Hydroxyethyl starch 130/0.38-0.45 versus crystalloid or albumin in patients with sepsis: systematic review with meta-analysis and trial sequential analysisBMJ 2013; 346 doi: https://doi.org/10.1136/bmj.f839 (Published 15 February 2013) Cite this as: BMJ 2013;346:f839
- Nicolai Haase, physician1,
- Anders Perner, professor1,
- Louise Inkeri Hennings, physician1,
- Martin Siegemund, professor2,
- Bo Lauridsen, physician1,
- Mik Wetterslev, medical student1,
- Jørn Wetterslev, chief physician3
- 1Department of Intensive Care, Copenhagen University Hospital-Rigshospitalet, Blegdamsvej 9, DK-2100 Copenhagen, Denmark
- 2Department of Anaesthesia, Intensive Care and Rescue Medicine, Baden State Hospital AG, Baden, Switzerland
- 3Copenhagen Trial Unit, Centre for Clinical Intervention Research, Copenhagen University Hospital-Rigshospitalet, Blegdamsvej 3, DK-2200 Copenhagen, Denmark
- Correspondence to: N Haase
- Accepted 30 January 2013
Objective To assess the effects of fluid therapy with hydroxyethyl starch 130/0.38-0.45 versus crystalloid or albumin on mortality, kidney injury, bleeding, and serious adverse events in patients with sepsis.
Design Systematic review with meta-analyses and trial sequential analyses of randomised clinical trials.
Data sources Cochrane Library, Medline, Embase, Biosis Previews, Science Citation Index Expanded, CINAHL, Current Controlled Trials, Clinicaltrials.gov, and Centerwatch to September 2012; hand search of reference lists and other systematic reviews; contact with authors and relevant pharmaceutical companies.
Study selection Eligible trials were randomised clinical trials comparing hydroxyethyl starch 130/0.38-0.45 with either crystalloid or human albumin in patients with sepsis. Published and unpublished trials were included irrespective of language and predefined outcomes.
Data extraction Two reviewers independently assessed studies for inclusion and extracted data on methods, interventions, outcomes, and risk of bias. Risk ratios and mean differences with 95% confidence intervals were estimated with fixed and random effects models.
Results Nine trials that randomised 3456 patients with sepsis were included. Overall, hydroxyethyl starch 130/0.38-0.45 versus crystalloid or albumin did not affect the relative risk of death (1.04, 95% confidence interval 0.89 to 1.22, 3414 patients, eight trials), but in the predefined analysis of trials with low risk of bias the relative risk of death was 1.11 (1.00 to 1.23, trial sequential analysis (TSA) adjusted 95% confidence interval 0.95 to 1.29, 3016 patients, four trials). In the hydroxyethyl starch group, renal replacement therapy was used more (1.36, 1.08 to 1.72, TSA adjusted 1.03 to 1.80, 1311 patients, five trials), and the relative risk of acute kidney injury was 1.18 (0.99 to 1.40, TSA adjusted 0.90 to 1.54, 994 patients, four trials). More patients in the hydroxyethyl starch group were transfused with red blood cells (1.29, 1.13 to 1.48, TSA adjusted 1.10 to 1.51, 973 patients, three trials), and more patients had serious adverse events (1.30, 1.02 to 1.67, TSA adjusted 0.93 to 1.83, 1069 patients, four trials). The transfused volume of red blood cells did not differ between the groups (mean difference 65 mL, 95% confidence interval −20 to 149 mL, three trials).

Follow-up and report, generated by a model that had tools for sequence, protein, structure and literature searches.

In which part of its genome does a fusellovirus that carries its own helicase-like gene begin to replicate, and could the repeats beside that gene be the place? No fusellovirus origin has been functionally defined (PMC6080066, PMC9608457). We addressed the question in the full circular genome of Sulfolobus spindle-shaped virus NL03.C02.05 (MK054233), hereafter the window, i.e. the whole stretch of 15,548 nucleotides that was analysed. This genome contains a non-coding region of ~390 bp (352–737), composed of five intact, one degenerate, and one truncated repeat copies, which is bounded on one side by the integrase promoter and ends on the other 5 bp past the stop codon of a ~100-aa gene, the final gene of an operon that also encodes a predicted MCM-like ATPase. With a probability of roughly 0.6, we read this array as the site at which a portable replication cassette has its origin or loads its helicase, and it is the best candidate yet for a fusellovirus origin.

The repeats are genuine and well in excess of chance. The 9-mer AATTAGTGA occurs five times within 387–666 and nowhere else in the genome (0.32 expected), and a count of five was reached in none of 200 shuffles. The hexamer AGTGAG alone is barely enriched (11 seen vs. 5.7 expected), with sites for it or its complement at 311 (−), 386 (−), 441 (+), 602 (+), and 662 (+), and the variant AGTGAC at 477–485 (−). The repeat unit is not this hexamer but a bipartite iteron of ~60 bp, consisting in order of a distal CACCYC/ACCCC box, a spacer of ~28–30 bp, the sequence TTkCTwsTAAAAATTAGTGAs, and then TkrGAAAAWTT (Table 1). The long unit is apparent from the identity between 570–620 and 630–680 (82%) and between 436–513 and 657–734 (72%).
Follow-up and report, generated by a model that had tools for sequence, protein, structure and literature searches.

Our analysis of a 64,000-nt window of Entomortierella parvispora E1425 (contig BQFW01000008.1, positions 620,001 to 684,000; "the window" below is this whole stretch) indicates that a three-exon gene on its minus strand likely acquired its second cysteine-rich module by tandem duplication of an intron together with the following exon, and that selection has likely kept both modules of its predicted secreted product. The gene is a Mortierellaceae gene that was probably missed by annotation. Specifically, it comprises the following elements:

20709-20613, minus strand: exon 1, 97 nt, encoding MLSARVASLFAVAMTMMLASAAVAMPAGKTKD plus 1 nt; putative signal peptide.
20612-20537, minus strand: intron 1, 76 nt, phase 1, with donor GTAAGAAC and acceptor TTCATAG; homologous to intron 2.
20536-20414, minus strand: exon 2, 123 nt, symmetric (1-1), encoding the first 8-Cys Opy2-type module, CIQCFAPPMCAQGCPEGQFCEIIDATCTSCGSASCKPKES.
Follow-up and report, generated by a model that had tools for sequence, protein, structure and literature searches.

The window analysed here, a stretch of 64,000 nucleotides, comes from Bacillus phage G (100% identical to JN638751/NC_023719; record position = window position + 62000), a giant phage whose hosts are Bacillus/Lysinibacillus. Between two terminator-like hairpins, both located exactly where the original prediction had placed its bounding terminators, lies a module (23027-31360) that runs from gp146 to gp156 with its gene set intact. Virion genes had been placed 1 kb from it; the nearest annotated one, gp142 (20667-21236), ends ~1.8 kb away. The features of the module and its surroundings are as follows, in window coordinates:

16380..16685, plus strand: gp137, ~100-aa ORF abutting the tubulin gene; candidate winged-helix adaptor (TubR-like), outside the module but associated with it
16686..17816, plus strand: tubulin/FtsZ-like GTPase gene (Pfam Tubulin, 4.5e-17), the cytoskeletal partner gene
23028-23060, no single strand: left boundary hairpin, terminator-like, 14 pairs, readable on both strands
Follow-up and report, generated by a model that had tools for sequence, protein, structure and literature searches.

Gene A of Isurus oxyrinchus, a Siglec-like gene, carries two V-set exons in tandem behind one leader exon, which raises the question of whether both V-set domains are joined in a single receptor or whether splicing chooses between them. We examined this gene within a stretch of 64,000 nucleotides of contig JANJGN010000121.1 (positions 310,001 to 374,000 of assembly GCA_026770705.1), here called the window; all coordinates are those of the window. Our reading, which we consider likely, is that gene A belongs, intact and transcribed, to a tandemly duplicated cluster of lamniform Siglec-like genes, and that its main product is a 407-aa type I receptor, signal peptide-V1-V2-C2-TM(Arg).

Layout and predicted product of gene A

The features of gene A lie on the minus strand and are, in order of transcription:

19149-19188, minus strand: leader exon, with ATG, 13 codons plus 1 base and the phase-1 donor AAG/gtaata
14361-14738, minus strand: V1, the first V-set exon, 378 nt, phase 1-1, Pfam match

Conclusion In conventional meta-analyses including recent trial data, hydroxyethyl starch 130/0.38-0.45 versus crystalloid or albumin increased the use of renal replacement therapy and transfusion with red blood cells, and resulted in more serious adverse events in patients with sepsis. It seems unlikely that hydroxyethyl starch 130/0.38-0.45 provides overall clinical benefit for patients with sepsis.
Colloids are used more often for resuscitation in the intensive care unit than crystalloids. The choice of colloid varies noticeably between countries, but worldwide hydroxyethyl starch is most commonly used and thus more used than, for example, human albumin and gelatin.1 The use of hydroxyethyl starch is controversial as the former higher molecular weight hydroxyethyl starch 200/0.5-0.6 caused acute kidney injury in two randomised clinical trials of patients with sepsis.2 3 The newer starches with molecular weights of 130 kDa and substitution ratios ranging from 0.38 to 0.45 have been claimed to be safer, but the data to support this are insufficient.4 Owing to the lack of data on hydroxyethyl starch 130/0.38-0.45, previous systematic reviews have been inconclusive about the benefits and harms of this colloid compared with other fluids.4 5 6 7 8 The recent publication of three large trials comparing hydroxyethyl starch 130/0.38-0.45 with crystalloids in patients with sepsis calls for an updated systematic review to inform on the benefits and harms of this colloid in patients with sepsis, which is highly needed as fluid alternatives are available.9 10 11
We assessed the effects of hydroxyethyl starch 130/0.38-0.45 versus crystalloids or human albumin on all cause mortality, kidney injury, bleeding, and serious adverse events in patients with sepsis.